Title:
Method and agent for the bioremediation of petroleum in an aquatic environment
United States Patent 8679820
Abstract:
In one embodiment, a bioremediation agent and method of bioremediation of an oil spill are disclosed. The bioremediation agent contains oil-digesting bacteria and bacterial nutrients in a buoyant water semi-insoluble and biodegradable casein product. The bioremediation agent may be distributed by boats or seeded by aircraft to remediate oil from coastlines after an oil spill.


Inventors:
Fuhrer, John P. (Newport Beach, CA, US)
Application Number:
13/274318
Publication Date:
03/25/2014
Filing Date:
10/15/2011
Assignee:
FUHRER JOHN P.
Primary Class:
Other Classes:
435/253.6, 435/262.5, 530/360, 530/378
International Classes:
C12N1/00; C12N1/20
View Patent Images:
Other References:
Prakash, J., “Rice bran proteins: properties and food uses.”, Crit Rev Food Sci Nutr. Jul. 1996, vol. 36, Issue 6., Abstract.
“Soy Cleans Up on Bioremediation Project”, Biobased Solutions. May 2010, vol. 12, Issue 4. p. 1, Retrieved from the Internet: .
“Soybean oil production”. Soya—Information about soy and soya products. Sep. 2004. p. 1, Retrieved from the Internet: .
Martin et al., “Soybean Hulls—a brief reivew of literature”., Aug. 2007, pp. 1-3, Retrieved from the Internet: .
Kabiri, K., et al., “Novel approach to highly porous superabsorbent hydrogels: synergistic effect of porogens on porosity and swelling rate”, Polymer International, 52, (2003), p. 1158-1164.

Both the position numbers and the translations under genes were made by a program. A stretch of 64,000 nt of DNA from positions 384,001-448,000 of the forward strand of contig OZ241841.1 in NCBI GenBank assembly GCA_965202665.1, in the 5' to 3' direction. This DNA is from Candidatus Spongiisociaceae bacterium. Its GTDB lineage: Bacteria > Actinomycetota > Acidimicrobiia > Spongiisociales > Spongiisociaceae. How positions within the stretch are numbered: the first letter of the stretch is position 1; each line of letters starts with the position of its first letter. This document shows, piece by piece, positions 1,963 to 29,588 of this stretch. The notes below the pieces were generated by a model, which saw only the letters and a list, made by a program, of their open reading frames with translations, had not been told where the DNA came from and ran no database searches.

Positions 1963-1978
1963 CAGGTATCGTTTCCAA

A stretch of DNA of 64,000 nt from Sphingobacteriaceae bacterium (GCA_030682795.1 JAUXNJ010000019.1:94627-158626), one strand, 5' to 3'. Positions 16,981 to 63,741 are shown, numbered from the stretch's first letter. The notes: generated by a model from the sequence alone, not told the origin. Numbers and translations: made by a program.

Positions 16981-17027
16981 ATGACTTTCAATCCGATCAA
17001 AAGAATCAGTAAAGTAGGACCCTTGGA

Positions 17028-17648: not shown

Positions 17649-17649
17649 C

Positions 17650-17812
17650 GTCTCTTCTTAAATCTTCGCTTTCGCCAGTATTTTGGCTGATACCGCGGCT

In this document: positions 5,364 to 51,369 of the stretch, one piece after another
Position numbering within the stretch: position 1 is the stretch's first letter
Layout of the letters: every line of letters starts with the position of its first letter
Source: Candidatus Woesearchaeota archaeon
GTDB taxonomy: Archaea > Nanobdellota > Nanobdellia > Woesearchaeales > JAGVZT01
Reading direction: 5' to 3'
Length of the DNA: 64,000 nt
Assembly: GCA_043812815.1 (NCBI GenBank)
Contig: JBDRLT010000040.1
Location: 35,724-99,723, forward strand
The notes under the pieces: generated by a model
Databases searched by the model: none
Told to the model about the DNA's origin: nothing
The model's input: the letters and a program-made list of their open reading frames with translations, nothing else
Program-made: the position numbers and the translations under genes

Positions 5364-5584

Kozlowski, Lori, “Robots Created to Clean Up Oil”, Los Angeles Times, Sep. 4, 2010, p. A26, Los Angeles, CA.
Drogin, Bob, “Simple Gadget Floats to the Top”, Lose Angeles Times, Jul. 22, 2010, p. A21, Los Angeles, CA.
Semuels, Alana et al., “Oil-damaged Wetlands May Just Have to Wait it out” latimes.corn, Aug. 1, 2010, http://www.latimes.com/news/nationworld/nation/la-na-oil-spill-marsh-20100801,0,6800893,print.story p. 1 of.
Carey, John, “Mighty oil-eating microbes help clean up the Gulf”, Yahoo News, Jul. 28, 2010, http://news.yahoo.com/s/ynews—excl/ynews—excl—sc3270/print.
Brown, Eryn, “Bacteria Devoured Methane in Gulf Spill”, LA Times, p. A10, Jan. 7, 2011, Los Angeles, CA, U.S.A.
Venosa, Albert D. “Bioremediation in Oil Spill Response” NRT Fact Sheet, www.epa.gov/oem/docs/oil/edu/biofact.pdf, published 2000.
Primary Examiner:
Vivlemore, Tracy
Assistant Examiner:
Shin, Monica
Attorney, Agent or Firm:
Alford Law Group, Inc.
Vu, Vy H.
Alford, William E.
Parent Case Data:

CROSS REFERENCE TO RELATED APPLICATIONS

This patent application incorporates by reference and claims the benefit of U.S. Provisional Patent Application No. 61/393,867 entitled “METHOD AND AGENT FOR THE BIOREMEDIATION OF PETROLEUM IN AN AQUATIC ENVIRONMENT” filed on Oct. 15, 2010 by inventor John Peter Fuhrer.

Claims:
What is claimed is:

1. A bioremediation agent for dissolving oils comprising: a biodegradable non-toxic semi-insoluble protein having micro-pores spread throughout to absorb oil; oil-digesting bacteria suspended in the biodegradable non-toxic semi-insoluble protein, the oil-digesting bacteria to digest the absorbed oil; and nutrients suspended in the biodegradable non-toxic semi-insoluble protein, the nutrients to support growth and proliferation of the oil-digesting bacteria suspended within the biodegradable non-toxic semi-insoluble protein.

2. The bioremediation agent of claim 1, wherein the biodegradable non-toxic semi-insoluble protein is semi-insoluble casein.

3. The bioremediation agent of claim 1, wherein the biodegradable non-toxic semi-insoluble protein is semi-insoluble soy.